In re D.P. (decided August 13, 2015)
Facts: Sixteen-year-old D.P. and her two friends started a fight with M.G. on a Metrobus on the way home from school. Blows were exchanged, and at the very end of the fight, which lasted only fourteen seconds, M.G. hit her head on a pole and briefly lost consciousness for “maybe a minute, maybe less.” M.G. was examined by emergency medical technicians who determined that she did not need to go to the hospital. No medical evidence was presented about M.G.’s injuries, and M.G. testified that she had “minor headaches” for “two/three days” after the incident. In the ensuing delinquency case, D.P. was adjudicated “involved” in an aggravated assault and an assault with significant bodily injury.
Issue 1: Was the evidence sufficient to find D.P. guilty of aggravated assault?
Holding 1: The evidence was insufficient to find D.P. guilty of aggravated assault because the evidence did not support a reasonable inference that D.P. had the requisite mental state, that is, she did not “manifest extreme indifference to human life.” The Court reiterates that the mental state required is “substantively indistinguishable” from the minimum state of mind required for second-degree murder, and held that the evidence was insufficient to prove that D.P. possessed that “gross recklessness/depraved heart malice.” In so holding, the Court noted that D.P. and her friends had no weapons, the assault was very brief and occurred in a crowded public place where bystanders could intervene, and the circumstances suggested that their intent was more to intimidate M.G. than to injure her. Accordingly, D.P.’s actions did not manifest extreme indifference to human life.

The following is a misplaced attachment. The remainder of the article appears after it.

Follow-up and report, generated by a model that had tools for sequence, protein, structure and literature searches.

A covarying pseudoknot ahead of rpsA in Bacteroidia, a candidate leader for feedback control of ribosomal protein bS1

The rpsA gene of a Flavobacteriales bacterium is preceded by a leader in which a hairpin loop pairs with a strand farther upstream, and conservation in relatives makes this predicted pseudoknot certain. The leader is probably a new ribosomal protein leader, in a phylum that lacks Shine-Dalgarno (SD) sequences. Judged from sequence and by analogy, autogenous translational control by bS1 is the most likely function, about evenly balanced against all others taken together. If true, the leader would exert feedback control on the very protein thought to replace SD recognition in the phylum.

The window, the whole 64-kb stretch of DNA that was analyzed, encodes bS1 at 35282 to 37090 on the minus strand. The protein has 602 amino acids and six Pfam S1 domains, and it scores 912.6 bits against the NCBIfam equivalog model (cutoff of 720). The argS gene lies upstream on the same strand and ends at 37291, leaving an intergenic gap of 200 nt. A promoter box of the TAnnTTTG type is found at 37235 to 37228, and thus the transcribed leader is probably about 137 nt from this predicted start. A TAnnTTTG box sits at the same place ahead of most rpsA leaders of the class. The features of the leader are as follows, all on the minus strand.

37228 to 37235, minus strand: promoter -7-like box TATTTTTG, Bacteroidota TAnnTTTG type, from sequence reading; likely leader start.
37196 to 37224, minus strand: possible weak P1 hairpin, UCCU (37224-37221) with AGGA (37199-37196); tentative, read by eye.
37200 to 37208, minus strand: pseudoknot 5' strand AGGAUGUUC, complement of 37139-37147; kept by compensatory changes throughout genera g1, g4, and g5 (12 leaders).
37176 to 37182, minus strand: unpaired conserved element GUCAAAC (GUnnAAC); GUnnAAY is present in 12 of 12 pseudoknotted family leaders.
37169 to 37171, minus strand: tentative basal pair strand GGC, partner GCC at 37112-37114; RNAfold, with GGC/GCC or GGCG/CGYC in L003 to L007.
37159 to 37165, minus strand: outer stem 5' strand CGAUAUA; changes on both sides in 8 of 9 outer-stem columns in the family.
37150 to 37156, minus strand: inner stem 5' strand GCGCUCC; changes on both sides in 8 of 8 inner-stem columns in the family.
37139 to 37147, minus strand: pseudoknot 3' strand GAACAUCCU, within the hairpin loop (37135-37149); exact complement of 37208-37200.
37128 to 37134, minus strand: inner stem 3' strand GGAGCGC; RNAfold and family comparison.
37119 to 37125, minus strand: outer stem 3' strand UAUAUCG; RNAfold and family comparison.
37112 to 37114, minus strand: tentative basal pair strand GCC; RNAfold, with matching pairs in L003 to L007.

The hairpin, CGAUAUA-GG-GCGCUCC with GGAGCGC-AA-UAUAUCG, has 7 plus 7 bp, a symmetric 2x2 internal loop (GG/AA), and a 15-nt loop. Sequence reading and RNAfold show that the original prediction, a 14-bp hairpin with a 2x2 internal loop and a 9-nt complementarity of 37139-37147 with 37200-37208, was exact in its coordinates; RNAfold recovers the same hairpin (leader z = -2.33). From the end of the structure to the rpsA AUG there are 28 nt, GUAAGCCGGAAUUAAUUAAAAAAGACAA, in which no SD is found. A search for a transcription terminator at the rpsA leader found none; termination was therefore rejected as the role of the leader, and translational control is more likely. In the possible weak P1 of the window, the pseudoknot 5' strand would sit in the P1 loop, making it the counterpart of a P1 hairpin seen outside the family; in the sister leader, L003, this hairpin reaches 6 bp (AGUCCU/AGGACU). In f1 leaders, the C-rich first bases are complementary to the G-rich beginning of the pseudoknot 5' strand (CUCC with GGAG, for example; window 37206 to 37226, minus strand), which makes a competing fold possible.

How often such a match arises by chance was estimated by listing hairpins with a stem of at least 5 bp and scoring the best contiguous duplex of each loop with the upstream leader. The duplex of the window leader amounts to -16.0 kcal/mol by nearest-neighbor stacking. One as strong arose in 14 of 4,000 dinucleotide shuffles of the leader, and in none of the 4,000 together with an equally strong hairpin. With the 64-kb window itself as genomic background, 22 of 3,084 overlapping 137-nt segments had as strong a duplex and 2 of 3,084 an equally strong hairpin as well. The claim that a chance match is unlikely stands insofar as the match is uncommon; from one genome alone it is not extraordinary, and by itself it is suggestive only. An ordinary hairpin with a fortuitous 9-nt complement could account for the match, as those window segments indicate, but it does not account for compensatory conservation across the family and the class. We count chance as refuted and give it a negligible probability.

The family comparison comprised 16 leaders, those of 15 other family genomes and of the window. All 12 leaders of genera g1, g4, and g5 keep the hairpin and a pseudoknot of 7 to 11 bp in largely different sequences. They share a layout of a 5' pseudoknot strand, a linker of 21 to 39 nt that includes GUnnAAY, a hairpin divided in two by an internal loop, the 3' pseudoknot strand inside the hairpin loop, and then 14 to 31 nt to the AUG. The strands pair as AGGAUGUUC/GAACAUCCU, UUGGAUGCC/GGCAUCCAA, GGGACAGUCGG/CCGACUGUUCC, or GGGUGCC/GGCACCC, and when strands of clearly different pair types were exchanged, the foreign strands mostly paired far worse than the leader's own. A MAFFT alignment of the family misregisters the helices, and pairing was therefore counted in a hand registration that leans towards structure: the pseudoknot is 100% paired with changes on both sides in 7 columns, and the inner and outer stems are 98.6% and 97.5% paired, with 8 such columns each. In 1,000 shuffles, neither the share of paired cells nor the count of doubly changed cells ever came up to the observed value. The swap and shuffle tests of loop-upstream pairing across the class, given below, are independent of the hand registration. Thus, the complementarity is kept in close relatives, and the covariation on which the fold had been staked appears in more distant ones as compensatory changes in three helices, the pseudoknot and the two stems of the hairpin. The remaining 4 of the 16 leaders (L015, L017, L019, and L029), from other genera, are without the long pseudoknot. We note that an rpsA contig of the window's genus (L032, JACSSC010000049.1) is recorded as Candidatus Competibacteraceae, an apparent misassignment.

D.P. had also argued on appeal that M.G.’s injuries did not constitute “serious bodily injury” required for an aggravated assault conviction, but the Court declined to rule on that argument in light of its holding that the mens rea was not satisfied. The Court said that it is still an “open question” as to whether the brief loss of consciousness suffered by M.G., which required no medical treatment, would be enough to meet the definition of “serious bodily injury.”
Issue 2: Was the evidence sufficient to find D.P. guilty of assault with significant bodily injury?
Holding 2: The evidence was insufficient to find D.P. guilty of assault with significant bodily injury because M.G.’s injuries did not “require hospitalization or immediate medical attention.” The Court held that M.G.’s injuries were analogous to those suffered by the complainant in Quintanilla v. U.S., 62 A.3d 1261 (D.C. 2013), and that the Court was bound by the holding in that case. In both Quintanilla and D.P.’s case, the complainant had been examined by emergency personnel, and experienced soreness/pain for some days after the incident, but did not seek or require any further medical treatment. As such, M.G.’s injuries did not constitute “significant bodily injury” and the Court held the evidence insufficient to find D.P. guilty of assault with significant bodily injury. SN